- Blue Jays- Justin Jackson- $675MM
- Padres- Drew Cumberland- $661K
- Mets- Nathan Vineyard- $657K
- Cubs- Josh Donaldson- $652K
- Nationals- Michael Burgess- $630K
- Diamondbacks- Wes Roemer- $620K
- Giants- Charlie Culberson- $607,500K
- Mariners- Matt Mangini- $603K
- Reds- Kyle Lotzkar- $594K
- Rangers- Tommy Hunter- $585K
- Red Sox- Nick Hagadone- $571,500K
- Blue Jays- Trystan Magnuson- $462,500K
- Padres- Mitch Canham- $552,500K
- Angels- John Bachanov- $553,300K
- Athletics- Corey Brown- $444,500K
- Tigers- Brandon Hamilton- $540K
- Diamondbacks- Ed Easley- $531K
- Red Sox- Ryan Dent- $571K
- Padres-Cory Luebke- $515K
- Padres- Danny Payne- $517,500K
- Twins- Shooter Hunt- $1.080MM
- Brewers- Jake Odorizzi- $1.060MM
- Mets- Brad Holt- $1.040MM
- Phillies- Zach Collier- $1.020MM
- Brewers- Evan Frederickson- $1.010MM
- Royals- Mike Montgomery- $988K
- Giants- Conor Gillaspie- $970K
- Astros- Jordan Lyles- $930K
- Cardinals- Lance Lynn- $938K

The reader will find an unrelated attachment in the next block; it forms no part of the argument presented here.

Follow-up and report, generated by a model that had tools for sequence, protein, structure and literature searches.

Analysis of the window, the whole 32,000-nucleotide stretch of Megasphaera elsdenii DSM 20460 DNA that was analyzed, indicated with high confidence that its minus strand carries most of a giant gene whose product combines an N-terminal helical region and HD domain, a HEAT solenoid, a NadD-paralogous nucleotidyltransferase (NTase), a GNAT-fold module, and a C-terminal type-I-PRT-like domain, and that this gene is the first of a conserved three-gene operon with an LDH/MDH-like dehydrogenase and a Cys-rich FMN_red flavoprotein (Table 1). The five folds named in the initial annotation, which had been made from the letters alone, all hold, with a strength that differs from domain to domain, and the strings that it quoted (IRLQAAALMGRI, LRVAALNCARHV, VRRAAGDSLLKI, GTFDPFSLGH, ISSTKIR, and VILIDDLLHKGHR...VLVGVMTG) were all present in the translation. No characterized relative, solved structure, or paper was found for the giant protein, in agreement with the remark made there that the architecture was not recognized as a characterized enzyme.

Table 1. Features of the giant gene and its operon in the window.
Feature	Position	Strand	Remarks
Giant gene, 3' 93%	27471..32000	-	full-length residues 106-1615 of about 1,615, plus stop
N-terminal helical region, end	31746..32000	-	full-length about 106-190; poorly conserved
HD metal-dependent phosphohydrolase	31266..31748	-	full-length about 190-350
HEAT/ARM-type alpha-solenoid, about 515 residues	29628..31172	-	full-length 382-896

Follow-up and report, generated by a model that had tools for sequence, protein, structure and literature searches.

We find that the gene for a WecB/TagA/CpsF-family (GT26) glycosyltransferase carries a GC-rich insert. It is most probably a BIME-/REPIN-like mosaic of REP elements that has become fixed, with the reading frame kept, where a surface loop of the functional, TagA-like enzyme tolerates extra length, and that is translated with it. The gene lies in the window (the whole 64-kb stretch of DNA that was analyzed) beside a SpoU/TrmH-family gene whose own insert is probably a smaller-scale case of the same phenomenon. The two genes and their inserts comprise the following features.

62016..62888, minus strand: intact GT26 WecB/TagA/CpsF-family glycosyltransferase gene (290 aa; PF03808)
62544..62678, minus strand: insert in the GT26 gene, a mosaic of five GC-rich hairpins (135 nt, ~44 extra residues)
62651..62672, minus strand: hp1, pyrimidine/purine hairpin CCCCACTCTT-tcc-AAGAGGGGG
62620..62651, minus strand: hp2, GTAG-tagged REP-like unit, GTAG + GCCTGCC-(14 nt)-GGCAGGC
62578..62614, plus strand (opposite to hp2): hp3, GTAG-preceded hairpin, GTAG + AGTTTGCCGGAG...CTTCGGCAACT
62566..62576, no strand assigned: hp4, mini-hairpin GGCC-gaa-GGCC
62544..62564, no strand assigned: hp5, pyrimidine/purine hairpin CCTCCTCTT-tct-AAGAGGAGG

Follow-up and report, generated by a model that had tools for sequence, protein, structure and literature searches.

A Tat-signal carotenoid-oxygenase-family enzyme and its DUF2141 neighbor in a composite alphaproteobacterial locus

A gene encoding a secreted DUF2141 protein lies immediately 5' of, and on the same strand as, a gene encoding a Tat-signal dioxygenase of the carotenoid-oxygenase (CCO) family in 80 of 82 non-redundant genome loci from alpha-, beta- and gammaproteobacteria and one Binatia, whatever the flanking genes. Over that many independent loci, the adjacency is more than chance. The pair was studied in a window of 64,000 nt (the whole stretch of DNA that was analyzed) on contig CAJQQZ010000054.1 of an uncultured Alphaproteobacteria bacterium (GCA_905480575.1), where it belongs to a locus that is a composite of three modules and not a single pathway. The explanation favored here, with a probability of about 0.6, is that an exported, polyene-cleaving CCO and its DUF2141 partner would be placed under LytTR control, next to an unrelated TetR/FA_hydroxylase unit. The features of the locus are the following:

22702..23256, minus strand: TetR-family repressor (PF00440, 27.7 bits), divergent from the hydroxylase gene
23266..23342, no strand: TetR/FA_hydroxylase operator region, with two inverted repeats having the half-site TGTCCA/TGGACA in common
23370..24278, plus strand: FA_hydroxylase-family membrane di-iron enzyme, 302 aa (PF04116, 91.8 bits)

- Braves- Brett DeVall- $1MM
- Cubs- Ryan Flaherty- $906K
- Padres- Jaff Decker- $892K
- Diamondbacks- Wade Miley- $877K
- Yankees- Jeremy Bleich- $700K
- Red Sox- Bryan Price- $849K
- Padres- Logan Forsythe- $835K
- Mariners- Steven Baron- $980K
- Rockies- Rex Brothers- $969K
- Diamondbacks- Matt Davidson- $900K
- Dodgers- Aaron Miller- $889,200K
- Blue Jays- James Paxton- DID NOT SIGN
- White Sox- Josh Phegley- $858K
- Brewers- Kentrall Davis- $1.2MM
- Angels- Tyler Skaggs- $1MM
- Diamondbacks- Chris Owings $950K
- Angels-Garrett Richards- $80,800K
- Reds- Brad Boxberger- $857K
- Rangers- Tanner Scheppers- $1.250
- Diamondbacks- Mike Belfore- $725K
- Twins- Matt Bashore- $751,500K
- Brewers- Kyle Heckathorn- $776K
- Astros- Mike Kvasnicka-$936K
- Blue Jays- Aaron Sanchez- $775
- Braves- Matt Likpa- $800K